Fava Bean Salad

Approx. 1 lb fava bean pods - shelled to 4 cups or so of beans
3 cloves garlic, minced
2 tbsp good olive oil
2 tbsp fresh lemon juice
Sea salt & fresh ground pepper to taste

Boil the fava beans (shelled but still in their skin) in salted water for about 3 minutes until the skin lightens and you can see it start to split on a few beans.

Drain the beans and rinse with cold water. This will help when you go to squeeze the bean out of the skin because if you try to do this without rinsing, the boiling hot beans will scorch the ever loving crap out of your hands. I mean, I'm assuming it will. Ahem.

Pop the beans from their skin by pinching one end and letting the shiny green bean slip out of the skin. Like so:

Once you have all your beans skinned/shelled/whatever - toss them in a bowl with the lemon juice, salt, pepper and garlic.

Allow the whole deal to mellow for 30 minutes or so at room temp so that the beans can soak up all the flavors and then toss with pasta, pour over mixed greens or just eat them straight from the bowl while you stand in your kitchen watching the dog flip the hell out over a squirrel running the fence line in the backyard.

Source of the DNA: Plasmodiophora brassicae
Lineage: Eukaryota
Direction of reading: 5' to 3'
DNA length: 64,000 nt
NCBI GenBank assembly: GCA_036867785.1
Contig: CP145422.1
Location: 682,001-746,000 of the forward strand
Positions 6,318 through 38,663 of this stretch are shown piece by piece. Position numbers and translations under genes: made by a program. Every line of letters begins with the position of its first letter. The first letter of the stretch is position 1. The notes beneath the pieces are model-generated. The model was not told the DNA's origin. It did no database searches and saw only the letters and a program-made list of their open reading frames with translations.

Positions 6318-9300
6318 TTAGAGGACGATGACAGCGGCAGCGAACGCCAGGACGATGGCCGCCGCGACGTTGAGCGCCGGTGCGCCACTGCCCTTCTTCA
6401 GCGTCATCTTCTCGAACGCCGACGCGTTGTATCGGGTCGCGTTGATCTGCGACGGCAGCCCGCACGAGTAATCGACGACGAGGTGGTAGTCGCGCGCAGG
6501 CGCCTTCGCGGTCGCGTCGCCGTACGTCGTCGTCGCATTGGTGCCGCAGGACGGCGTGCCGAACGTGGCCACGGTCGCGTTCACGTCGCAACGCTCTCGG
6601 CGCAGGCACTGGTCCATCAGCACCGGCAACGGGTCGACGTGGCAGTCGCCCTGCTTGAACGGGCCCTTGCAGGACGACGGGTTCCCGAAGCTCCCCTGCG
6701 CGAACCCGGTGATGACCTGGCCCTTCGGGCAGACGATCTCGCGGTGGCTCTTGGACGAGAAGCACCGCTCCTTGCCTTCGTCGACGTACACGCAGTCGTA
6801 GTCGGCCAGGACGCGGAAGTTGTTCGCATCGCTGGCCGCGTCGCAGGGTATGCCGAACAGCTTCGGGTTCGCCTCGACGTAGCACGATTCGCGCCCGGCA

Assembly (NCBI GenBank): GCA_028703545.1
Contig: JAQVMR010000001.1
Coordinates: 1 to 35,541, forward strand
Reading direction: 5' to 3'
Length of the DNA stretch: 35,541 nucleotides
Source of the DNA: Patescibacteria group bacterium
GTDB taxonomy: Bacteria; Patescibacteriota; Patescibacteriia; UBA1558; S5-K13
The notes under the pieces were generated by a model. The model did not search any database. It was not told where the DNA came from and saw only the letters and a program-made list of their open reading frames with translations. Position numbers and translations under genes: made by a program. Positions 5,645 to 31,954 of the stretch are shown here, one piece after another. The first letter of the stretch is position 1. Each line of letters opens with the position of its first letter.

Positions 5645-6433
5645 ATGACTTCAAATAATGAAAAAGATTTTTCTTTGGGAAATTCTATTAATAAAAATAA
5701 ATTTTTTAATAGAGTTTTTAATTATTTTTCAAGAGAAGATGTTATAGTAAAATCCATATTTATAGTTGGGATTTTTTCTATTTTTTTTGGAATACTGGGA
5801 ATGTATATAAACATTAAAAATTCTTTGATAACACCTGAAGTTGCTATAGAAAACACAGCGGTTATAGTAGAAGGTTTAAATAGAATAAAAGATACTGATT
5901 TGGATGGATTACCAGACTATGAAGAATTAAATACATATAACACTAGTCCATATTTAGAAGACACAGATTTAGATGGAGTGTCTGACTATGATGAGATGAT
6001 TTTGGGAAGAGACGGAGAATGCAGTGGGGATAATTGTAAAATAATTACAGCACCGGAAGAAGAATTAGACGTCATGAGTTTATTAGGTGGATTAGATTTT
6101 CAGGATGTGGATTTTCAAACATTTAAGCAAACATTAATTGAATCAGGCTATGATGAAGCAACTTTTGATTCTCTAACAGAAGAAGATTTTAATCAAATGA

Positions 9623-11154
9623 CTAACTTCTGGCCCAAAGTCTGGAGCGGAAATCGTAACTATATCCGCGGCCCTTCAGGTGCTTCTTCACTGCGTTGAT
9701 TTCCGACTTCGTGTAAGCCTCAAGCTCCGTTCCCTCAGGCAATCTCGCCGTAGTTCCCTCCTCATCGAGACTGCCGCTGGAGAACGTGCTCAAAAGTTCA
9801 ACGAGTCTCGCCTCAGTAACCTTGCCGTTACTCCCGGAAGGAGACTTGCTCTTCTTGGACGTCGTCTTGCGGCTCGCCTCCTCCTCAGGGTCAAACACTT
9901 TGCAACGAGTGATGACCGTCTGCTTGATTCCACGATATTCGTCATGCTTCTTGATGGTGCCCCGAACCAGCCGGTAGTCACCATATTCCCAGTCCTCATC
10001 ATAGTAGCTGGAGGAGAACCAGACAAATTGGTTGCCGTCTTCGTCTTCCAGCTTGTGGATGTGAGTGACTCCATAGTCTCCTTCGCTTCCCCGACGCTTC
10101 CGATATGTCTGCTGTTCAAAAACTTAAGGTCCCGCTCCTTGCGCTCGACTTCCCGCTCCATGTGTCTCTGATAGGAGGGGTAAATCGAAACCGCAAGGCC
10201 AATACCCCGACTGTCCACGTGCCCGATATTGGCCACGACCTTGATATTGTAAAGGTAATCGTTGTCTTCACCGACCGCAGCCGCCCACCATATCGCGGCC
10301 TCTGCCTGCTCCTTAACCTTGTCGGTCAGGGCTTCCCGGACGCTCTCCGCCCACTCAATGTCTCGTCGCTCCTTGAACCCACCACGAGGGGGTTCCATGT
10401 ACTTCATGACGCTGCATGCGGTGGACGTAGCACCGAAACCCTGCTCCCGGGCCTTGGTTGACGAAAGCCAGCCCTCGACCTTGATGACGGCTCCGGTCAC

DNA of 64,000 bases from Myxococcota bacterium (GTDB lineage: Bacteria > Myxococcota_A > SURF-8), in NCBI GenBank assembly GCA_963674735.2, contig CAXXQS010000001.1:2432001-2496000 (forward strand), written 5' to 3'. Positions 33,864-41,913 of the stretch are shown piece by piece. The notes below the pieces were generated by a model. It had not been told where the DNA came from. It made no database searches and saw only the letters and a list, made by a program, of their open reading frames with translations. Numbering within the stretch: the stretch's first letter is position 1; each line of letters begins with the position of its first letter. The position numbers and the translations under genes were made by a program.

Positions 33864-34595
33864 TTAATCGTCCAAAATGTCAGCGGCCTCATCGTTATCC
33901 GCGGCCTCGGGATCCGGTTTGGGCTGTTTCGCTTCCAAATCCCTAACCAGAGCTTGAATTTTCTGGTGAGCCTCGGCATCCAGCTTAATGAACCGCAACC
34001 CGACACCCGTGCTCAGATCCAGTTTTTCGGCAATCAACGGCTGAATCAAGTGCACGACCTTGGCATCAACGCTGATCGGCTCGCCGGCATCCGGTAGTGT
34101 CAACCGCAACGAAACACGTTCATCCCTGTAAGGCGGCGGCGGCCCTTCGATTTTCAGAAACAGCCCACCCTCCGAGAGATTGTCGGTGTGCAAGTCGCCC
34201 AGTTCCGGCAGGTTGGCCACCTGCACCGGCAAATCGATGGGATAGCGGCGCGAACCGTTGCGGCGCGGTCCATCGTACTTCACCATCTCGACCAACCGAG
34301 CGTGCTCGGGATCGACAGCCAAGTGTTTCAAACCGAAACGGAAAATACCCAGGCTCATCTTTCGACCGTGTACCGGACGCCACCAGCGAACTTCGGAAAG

Or, you know, whatever.

If you're, like, SO over salads and pasta for the time being - I think that throwing this mess in the food processor (maybe add a bit more oil OR MAYBE SOME TAHINI OMG) until the consistency is right would result in a kick ass hummus dip. Remember, this is just a theory right now since I haven't tried it out yet, so if it tastes like a horses ass - I warned you - UNTESTED RECIPE TERRITORY.

Go be a trailblazer with this idea and let me know if it comes out. Or, if you are a smart and nice person who knows of a good fava bean hummus recipe and wants to share it in the comments, well, that would be very smart and nice of you and I'll probably try it.

Speaking of which - Taylor - you were right, I DO love the fava bean - so no treaty necessary. However, I am not one to shun any goodness from Seville, so if you have extra orange marmalade laying around that you want to swap up for something good I've got here, lemme know: finnyknitsATgmailDOTcom.